SullyWatch

"You're a funny man, Sully ...

that's why I'm going to kill you last."

 

Friday, March 03, 2006

HOBBESIAN:

P O’Neill once again shows he’s got better intellectual chops in political philosophy than Sullivan.

posted by Sully 3/03/2006 11:37:00 AM

WE THOUGHT YOU KNEW THAT ALREADY:
Consider myself watched.

posted by Sully 3/03/2006 11:35:00 AM

Tuesday, February 28, 2006

ANDREW SULLIVAN, THE REAL IRAQI:

You may have seen this Atrios post. Did you read the econium to Sullivan in the post he linked to?
Great. Fabulous. Sure. Whatever. That stuff I bolded? That is precisely what you and your Republican ilk have miserably failed to do in this country. You have, in fact, aggressively pursued the exact opposite. You have enabled and apologized for the violent men and evil ideologies that are destroying our country. You are the the evil, the cowardly, and the “simply misguided,” and you have done a great wrong that may not be righted for decades, if ever.

So fuck you very much.
What. He. Said.

posted by Sully 2/28/2006 12:29:00 PM

DISTINCTION WITH A DIFFERENCE:

As he often is, Marshall Wittman is wrong. We think even Sullivan could see that Clinton’s loss of his party’s congressional majorities in 1994 (which we agree was ultimately beneficial to his presidency) is a different situation from Bush potentially suffering the same fate this fall.

Clinton had six years to go, meaning the reversal helped him triangulate and define himself in the political spectrum. Bush has already done that. He would not be helped and is unlikely to tack to the center the way Clinton did, or was perceived to do. It would certainly force bipartisanship on him, but while Bush is famous for having worked well with a then-Democratic Texas legislature as governor remember three things:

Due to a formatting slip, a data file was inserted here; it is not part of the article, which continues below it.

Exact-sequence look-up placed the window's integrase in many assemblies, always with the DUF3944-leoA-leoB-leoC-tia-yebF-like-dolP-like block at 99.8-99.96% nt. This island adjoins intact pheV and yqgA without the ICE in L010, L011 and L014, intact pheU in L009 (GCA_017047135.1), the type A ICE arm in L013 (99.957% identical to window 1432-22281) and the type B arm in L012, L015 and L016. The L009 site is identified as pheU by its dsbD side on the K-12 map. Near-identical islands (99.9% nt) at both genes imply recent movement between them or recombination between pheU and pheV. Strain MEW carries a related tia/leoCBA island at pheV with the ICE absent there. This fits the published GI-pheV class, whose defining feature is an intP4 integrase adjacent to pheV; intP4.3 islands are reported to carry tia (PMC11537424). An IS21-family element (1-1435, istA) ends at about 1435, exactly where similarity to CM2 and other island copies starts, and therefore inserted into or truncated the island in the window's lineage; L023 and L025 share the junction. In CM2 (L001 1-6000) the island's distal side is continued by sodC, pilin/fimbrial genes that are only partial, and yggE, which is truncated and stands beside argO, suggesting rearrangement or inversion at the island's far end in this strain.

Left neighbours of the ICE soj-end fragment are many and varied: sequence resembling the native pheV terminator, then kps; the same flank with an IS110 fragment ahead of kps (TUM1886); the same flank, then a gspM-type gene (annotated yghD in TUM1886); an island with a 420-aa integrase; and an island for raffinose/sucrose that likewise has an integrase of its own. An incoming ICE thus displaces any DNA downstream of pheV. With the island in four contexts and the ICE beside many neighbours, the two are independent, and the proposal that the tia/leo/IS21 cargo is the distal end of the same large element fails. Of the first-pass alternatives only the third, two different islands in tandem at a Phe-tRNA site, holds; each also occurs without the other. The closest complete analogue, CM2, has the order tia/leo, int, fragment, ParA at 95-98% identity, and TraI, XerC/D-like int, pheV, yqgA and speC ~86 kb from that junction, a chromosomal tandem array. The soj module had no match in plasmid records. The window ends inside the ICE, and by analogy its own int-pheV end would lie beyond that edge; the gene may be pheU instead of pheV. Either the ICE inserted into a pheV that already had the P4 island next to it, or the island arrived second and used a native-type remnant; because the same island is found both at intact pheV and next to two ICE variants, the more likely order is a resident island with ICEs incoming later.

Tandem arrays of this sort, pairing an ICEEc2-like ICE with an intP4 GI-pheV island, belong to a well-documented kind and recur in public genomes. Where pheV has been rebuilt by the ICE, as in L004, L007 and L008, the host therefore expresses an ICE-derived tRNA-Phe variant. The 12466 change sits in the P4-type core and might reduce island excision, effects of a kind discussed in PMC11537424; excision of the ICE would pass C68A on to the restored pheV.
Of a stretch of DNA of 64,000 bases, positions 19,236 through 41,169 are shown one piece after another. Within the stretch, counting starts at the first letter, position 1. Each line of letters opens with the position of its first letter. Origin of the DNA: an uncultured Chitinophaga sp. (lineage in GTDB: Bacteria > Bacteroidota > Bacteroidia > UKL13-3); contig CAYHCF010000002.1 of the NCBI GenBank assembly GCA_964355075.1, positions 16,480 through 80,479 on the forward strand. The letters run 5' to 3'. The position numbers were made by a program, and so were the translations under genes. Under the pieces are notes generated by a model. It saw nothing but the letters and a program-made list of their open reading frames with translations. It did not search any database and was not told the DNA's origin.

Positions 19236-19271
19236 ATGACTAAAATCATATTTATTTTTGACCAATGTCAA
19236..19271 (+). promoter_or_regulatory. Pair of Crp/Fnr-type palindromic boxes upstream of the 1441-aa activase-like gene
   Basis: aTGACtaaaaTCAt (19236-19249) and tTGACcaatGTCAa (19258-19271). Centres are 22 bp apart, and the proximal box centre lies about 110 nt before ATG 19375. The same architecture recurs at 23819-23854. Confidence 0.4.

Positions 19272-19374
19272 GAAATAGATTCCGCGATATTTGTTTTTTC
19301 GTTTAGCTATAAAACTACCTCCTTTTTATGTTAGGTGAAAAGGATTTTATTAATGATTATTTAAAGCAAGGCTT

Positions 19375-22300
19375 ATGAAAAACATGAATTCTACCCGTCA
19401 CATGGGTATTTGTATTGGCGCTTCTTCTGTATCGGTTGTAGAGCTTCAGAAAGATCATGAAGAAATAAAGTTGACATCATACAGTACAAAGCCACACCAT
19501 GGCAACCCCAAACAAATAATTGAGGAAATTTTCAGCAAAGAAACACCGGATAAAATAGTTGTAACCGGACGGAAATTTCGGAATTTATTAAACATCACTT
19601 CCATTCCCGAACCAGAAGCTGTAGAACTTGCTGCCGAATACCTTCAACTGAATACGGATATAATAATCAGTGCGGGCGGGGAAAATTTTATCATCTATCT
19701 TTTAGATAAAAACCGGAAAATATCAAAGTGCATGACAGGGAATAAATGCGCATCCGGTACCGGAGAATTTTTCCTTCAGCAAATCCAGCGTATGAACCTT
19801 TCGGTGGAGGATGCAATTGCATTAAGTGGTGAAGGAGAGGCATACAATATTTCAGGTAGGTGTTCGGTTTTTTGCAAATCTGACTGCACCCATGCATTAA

• Much of that success was due to a very savvy lieutenant governor, as even Bush acknowledged;
  • The governor of Texas is much weaker than the president, since so many other statewide executive-branch officials are directly elected;
  • The Texas Democrats were on the whole more centrist and conservative-leaning than the a Democratic congressional majority would be.
It’s certainly true that Bush would use a Democratic majority in Congress to rally conservatives. However, its political impact would be limited, since after the elections we will have reached the traditional point at which potential candidates for the next election start to chart their own courses. Bush would be blamed (not publicly perhaps) by congressional Republicans for the loss of control, especially since the White House had spent so much effort leaning on Congress with the promise that it would help everyone get re-elected and retain Republican control of Congress. If that fails, Congressional Republicans will see little, if any reason, to owe the administration anything, and party discipline will break down.